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HELEN had complained to Arthur, of all people, that she was watched and followed; she even asked him whether that was not the act of some enemy. Arthur smiled, and said: "Take my word for it, it is only some foolish admirer of your beauty; he wants to know your habits, in hopes of falling in with you; you had better let me go out with you for the next month or so; that sort of thing will soon die away."
As a necessary consequence of this injudicious revelation, Helen was watched with greater skill and subtlety, and upon a plan well calculated to disarm suspicion; a spy watched the door, and by a signal unintelligible to any but his confederate, whom Helen could not possibly see, set the latter on her track. They kept this game up unobserved for several days, but learned nothing, for Helen was at a standstill. At last they got caught, and by a truly feminine stroke of observation. A showily dressed man peeped into a shop where Helen was buying gloves.
With one glance of her woman's eye she recognized a large breast-pin in the worst possible taste; thence her eye went up and recognized the features of her seedy follower, though he was now dressed up to the nine. She withdrew her eye directly, completed her purchase, and went home, brooding defense and vengeance.
That evening she dined with a lady who had a large acquaintance with lawyers, and it so happened that Mr. Tollemache and Mr. Hennessy were both of the party. Now, when these gentlemen saw Helen in full costume, a queen in form as well as face, coroneted with her island pearls, environed with a halo of romance, and courted by women as well as men, they looked up to her with astonishment, and made up to her in a very different style from that in which they had received her visit. Tollemache she received coldly; he had defended Robert Penfold feebly, and she hated him for it. Hennessy she received graciously, and, remembering Robert's precept to be supple as a woman, bewitched him. He was good-natured, able and vain. By eleven o'clock she had enlisted him in her service. When she had conquered him, she said, slyly, "But I ought not to speak of these things to you except through a solicitor."
"That is the general rule," said the learned counsel; "but in this case no dark body must come between me and the sun."
In short he entered into Penfold's case with such well-feigned warmth, to please the beauteous girl, that at last she took him by the horns and consulted.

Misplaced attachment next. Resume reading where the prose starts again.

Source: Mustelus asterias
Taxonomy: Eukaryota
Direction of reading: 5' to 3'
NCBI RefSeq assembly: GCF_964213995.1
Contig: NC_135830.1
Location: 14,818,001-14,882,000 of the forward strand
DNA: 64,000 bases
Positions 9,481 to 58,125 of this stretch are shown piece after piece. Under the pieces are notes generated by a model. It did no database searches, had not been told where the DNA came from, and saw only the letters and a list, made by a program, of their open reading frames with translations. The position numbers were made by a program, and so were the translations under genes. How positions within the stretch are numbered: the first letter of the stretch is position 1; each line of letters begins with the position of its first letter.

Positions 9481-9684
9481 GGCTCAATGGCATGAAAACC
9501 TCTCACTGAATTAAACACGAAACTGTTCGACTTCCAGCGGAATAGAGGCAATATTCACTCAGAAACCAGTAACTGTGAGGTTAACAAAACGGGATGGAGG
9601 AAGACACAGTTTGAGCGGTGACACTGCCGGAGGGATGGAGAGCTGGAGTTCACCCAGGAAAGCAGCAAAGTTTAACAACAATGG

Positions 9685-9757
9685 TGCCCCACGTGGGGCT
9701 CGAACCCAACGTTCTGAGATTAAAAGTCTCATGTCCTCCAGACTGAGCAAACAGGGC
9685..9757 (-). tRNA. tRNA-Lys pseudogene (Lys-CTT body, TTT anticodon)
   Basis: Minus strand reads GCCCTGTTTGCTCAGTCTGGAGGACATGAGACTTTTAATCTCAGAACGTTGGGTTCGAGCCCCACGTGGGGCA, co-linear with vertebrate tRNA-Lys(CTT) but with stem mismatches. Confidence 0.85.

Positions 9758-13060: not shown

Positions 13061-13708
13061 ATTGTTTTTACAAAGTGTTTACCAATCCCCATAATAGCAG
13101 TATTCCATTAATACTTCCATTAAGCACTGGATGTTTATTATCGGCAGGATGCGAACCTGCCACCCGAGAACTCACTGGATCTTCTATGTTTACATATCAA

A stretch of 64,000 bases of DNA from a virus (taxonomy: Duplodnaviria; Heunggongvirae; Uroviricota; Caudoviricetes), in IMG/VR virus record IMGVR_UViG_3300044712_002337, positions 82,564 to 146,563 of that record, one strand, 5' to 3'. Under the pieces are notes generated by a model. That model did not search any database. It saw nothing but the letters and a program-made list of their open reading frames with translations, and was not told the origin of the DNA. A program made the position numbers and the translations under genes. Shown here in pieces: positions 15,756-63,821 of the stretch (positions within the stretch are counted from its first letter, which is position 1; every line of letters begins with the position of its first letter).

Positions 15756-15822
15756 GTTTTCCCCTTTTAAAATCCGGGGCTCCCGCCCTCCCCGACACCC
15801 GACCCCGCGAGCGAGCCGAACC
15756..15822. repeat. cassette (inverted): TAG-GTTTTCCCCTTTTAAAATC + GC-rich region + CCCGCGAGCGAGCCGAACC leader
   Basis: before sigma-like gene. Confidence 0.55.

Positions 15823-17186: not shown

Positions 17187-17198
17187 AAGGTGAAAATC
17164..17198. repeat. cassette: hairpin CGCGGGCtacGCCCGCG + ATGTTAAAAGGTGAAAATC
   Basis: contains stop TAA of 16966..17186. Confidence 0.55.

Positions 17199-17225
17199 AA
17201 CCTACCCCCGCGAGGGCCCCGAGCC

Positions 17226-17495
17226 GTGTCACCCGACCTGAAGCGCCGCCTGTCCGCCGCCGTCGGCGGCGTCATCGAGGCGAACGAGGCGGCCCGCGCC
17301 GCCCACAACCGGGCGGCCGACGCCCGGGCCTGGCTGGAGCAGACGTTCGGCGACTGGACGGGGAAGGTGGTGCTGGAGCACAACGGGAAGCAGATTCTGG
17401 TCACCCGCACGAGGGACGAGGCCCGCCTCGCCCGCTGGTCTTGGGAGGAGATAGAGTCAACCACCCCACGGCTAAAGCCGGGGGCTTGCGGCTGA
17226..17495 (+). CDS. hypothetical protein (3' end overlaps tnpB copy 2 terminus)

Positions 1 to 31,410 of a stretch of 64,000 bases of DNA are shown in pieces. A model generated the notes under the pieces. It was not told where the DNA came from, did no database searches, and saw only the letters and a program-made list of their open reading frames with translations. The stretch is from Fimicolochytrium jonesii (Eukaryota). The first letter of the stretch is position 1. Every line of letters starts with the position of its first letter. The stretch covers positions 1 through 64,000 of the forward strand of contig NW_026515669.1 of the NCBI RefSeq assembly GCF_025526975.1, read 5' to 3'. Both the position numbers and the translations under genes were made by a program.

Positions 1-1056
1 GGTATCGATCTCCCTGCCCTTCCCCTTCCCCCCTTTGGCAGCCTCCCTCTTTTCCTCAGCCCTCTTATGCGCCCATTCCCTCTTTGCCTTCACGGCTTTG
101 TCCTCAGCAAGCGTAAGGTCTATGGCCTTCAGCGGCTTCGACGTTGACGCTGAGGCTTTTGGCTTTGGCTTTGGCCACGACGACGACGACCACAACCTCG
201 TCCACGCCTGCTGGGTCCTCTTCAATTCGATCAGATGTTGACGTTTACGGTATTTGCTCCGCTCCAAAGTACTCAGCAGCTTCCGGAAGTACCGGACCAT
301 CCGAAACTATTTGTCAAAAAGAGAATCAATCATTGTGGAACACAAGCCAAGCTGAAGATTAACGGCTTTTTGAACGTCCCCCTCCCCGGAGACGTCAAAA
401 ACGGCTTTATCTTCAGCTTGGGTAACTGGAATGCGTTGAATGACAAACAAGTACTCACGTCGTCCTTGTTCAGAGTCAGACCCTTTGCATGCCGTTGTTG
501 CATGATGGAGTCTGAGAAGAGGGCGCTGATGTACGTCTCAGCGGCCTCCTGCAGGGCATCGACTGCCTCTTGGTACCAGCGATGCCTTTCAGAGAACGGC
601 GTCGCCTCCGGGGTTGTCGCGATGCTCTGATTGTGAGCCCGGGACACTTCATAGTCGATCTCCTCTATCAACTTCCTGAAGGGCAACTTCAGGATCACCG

"I am followed," said she.
"I have no doubt you are; and on a large scale; if there is room for another, I should be glad to join the train."
"Ha! ha! I'll save you the trouble. I'll meet you half way. But, to be serious, I am watched, spied and followed by some enemy to that good friend whose sacred cause we have undertaken. Forgive me for saying 'we.'"
"I am too proud of the companionship to let you off. 'We' is the word."
"Then advise me what to do. I want to retaliate. I want to discover who is watching me, and why. Can you advise me? Will you?"
The counsel reflected a moment, and Helen, who watched him, remarked the power that suddenly came into his countenance and brow.
"You must watch the spies. I have influence in Scotland Yard, and will get it done for you. If you went there yourself they would cross-examine you and decline to interfere. I'll go myself for you and put it in a certain light. An able detective will call on you. Give him ten guineas, and let him into your views in confidence; then he will work the public machinery for you."
"Oh, Mr. Hennessy, how can I thank you?"
"By succeeding. I hate to fail. And now your cause is mine."
Next day a man with a hooked nose, a keen black eye, and a solitary foible (Mosaic), called on Helen Rolleston, and told her he was to take her instructions. She told him she was watched, and thought it was done to baffle a mission she had undertaken; but, having got so far, she blushed and hesitated.
"The more you tell me, miss, the more use I can be," said Mr. Burt.
Thus encouraged, and also remembering Mr. Hennessy's advice, she gave Mr. Burt, as coldly as she could, an outline of Robert Penfold's case, and of the exertions she had made, and the small result.
Burt listened keenly, and took a note or two; and, when she had done, he told her something in return.
"Miss Rolleston," said he, "I am the officer that arrested Robert Penfold. It cost me a grinder that he knocked out."
"Oh, dear!" said Helen, "how unfortunate! Then I fear I cannot reckon on your services."
"Why not, miss? What, do you think I hold spite against a poor fellow for defending himself? Besides, Mr. Penfold wrote me a very proper note. Certainly for a parson the gent is a very quick hitter; but he wrote very square; said he hoped I would allow for the surprise and the agitation of an innocent man; sent me two guineas, too, and said he would make it twenty but he was poor as well as unfortunate; that letter has stuck in my gizzard ever since; can't see the color of felony in it. Your felon is never in a fault; and, if he wears a good coat, he isn't given to show fight."
"It was very improper of him to strike you," said Helen, "and very noble of you to forgive it. Make him still more ashamed of it; lay him under a deep obligation."
"If he is innocent, I'll try and prove it," said the detective. He then asked her if she had taken notes. She said she had a diary. He begged to see it. She felt inclined to withhold it, because of the comments; but, remembering that this was womanish, and that Robert's orders to her were to be manly on such occasions, she produced her diary. Mr. Burt read it very carefully, and told her it was a very promising case. "You have done a great deal more than you thought," he said. "You have netted the fish."
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